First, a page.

AP Biology : Macrostructures

Study concepts, example questions & explanations for AP Biology

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Example Questions

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Example Question #1 : Understanding Leaves

What structure in plants allows for CO2 and O2 exchange and transpiration?

Possible Answers:

Plastid

Xylem

Apical bud

Stoma

Chlorophyll

Correct answer:

Stoma

Explanation:

The stoma allows for gas exchange and transpiration. The stoma usually opens following stimulation by sunlight and closes in low water environments. Other answers are parts of a typical plant, however do not play a role in gas exchange or transpiration.

Example Question #11 : Plant Structures

In plants, leaves contain specialized pores used for gas exchange. Each pore is formed by a pair of cells that control its closing and opening. What are these cells called?

Possible Answers:

Epidermal cells

Guard cells

Stoma cells

Cuticle cells

Correct answer:

Guard cells

Explanation:

For proper functioning, plants must take in carbon dioxide, expel oxygen, and limit the loss of water vapor. This gas exchange takes place via pores called stomata. These pores are formed by a pair of adjacent cells that can open and close in response to a number of factors. These cells are called guard cells.

The cuticle and epidermis are layers of leaf structure, and do not correspond to specific cell types. The stoma is the name of a single pore itself, not its surrounding cells.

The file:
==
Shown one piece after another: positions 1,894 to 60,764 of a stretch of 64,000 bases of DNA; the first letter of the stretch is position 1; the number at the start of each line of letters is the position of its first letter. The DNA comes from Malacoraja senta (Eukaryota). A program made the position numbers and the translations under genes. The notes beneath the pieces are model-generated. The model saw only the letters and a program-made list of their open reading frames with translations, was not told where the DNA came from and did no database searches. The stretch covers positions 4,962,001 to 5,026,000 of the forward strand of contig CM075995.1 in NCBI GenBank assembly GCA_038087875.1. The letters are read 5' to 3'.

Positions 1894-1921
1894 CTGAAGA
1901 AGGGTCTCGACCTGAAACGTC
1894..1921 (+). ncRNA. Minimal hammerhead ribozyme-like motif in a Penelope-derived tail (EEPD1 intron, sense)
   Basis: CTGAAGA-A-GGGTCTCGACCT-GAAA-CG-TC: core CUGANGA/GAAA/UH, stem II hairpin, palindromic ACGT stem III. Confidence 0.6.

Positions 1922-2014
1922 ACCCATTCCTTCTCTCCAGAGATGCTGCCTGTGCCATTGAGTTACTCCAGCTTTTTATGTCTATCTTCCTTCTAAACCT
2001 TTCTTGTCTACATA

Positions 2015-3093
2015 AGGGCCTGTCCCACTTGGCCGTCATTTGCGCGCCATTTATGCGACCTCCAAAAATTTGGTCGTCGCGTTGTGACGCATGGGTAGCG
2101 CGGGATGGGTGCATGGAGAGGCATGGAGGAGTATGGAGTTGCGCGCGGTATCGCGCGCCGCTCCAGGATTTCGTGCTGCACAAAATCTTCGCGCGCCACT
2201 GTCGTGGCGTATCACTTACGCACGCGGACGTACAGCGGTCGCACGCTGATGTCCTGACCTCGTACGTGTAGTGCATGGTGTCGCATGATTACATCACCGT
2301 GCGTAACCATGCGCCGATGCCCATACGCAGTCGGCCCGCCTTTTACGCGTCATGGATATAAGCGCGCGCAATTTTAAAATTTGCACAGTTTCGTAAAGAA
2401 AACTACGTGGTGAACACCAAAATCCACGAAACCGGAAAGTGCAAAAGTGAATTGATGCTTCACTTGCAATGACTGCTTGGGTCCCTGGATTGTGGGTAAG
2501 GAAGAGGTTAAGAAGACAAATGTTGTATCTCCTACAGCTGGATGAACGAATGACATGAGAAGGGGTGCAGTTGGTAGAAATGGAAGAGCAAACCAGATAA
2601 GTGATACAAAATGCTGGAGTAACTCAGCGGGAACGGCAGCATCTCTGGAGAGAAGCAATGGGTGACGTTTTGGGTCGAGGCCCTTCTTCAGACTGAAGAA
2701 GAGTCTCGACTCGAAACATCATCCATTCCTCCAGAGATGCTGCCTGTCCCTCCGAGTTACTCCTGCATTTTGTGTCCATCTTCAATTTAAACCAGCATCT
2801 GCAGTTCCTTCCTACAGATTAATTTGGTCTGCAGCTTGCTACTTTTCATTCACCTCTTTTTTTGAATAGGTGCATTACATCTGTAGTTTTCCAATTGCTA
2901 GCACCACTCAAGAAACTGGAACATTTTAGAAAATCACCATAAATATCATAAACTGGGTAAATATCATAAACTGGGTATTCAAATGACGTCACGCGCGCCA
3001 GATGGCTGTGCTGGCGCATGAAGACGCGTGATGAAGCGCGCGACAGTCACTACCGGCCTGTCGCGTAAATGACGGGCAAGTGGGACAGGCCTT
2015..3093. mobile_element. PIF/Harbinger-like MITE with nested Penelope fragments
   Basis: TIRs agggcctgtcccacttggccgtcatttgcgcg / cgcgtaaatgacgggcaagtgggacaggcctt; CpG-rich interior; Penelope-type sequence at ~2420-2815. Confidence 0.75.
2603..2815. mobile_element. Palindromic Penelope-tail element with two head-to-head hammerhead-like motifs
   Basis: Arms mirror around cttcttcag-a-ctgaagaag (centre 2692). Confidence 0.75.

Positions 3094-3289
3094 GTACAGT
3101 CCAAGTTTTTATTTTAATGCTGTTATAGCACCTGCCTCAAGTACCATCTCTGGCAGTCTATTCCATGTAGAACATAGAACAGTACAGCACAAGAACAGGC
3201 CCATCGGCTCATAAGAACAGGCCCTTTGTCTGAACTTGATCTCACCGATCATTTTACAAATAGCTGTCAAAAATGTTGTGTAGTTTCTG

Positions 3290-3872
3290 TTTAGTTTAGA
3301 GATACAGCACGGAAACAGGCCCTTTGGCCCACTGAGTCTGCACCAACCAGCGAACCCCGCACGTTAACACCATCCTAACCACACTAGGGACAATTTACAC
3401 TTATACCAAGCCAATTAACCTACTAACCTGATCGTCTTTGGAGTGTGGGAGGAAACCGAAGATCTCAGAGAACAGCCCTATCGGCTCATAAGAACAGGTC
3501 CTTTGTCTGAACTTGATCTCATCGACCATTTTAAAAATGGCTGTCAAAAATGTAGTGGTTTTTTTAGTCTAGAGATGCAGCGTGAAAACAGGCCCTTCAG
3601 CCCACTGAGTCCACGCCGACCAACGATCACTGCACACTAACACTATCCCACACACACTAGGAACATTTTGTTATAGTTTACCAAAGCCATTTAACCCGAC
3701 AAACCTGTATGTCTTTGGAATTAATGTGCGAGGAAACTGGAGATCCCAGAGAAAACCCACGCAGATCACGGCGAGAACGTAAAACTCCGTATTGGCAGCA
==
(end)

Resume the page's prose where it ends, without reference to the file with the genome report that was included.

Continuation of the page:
Example Question #11 : Plant Structures

Which of the following are true of parenchyma cells?

Possible Answers:

They are the primary support cells of a plant

They carry out many metabolic functions such as photosynthesis

They contain sieve-tube members

Their main function is transport

They are strengthened with lignen

Correct answer:

They carry out many metabolic functions such as photosynthesis

Explanation:

Parenchyma cells are the main photosynthetic cells of a plant, but also function in storage of water and nutrients. Parenchyma cells are usually soft cells that are located in leaves and fruit. Phloem cells contain sieve-tube members, and function in transport of water and nutrients throughout the plant. Schlerenchyma cells are strengthened with lignen, and are support cells.

Example Question #1 : Understanding Leaves

The layer of cells that separates the a leaf from the environment (the outermost layer of leaf tissue) is called the __________.

Possible Answers:

spongy mesophyll

epidermis

xylem

stomata

bundle sheath

Correct answer:

epidermis

Explanation:

The outer layer of cells on a leaf is called the epidermis. It is composed of the upper epidermis and the lower epidermis and the two have somewhat different structures and function, but both serve to protect the leaf from the outside environment. Spongy mesophyll and bundle sheath cells are both structures on the interior of the leaf, which house chloroplasts. Stomata are found on the outside layer of a leaf, but they are pores that allow gas exchange. Xylem is a transport structure that is used to conduct water and nutrients through a plant.

Example Question #11 : Plant Structures

In which of the following leaf tissues does the most photosynthesis take place?

Possible Answers:

Stoma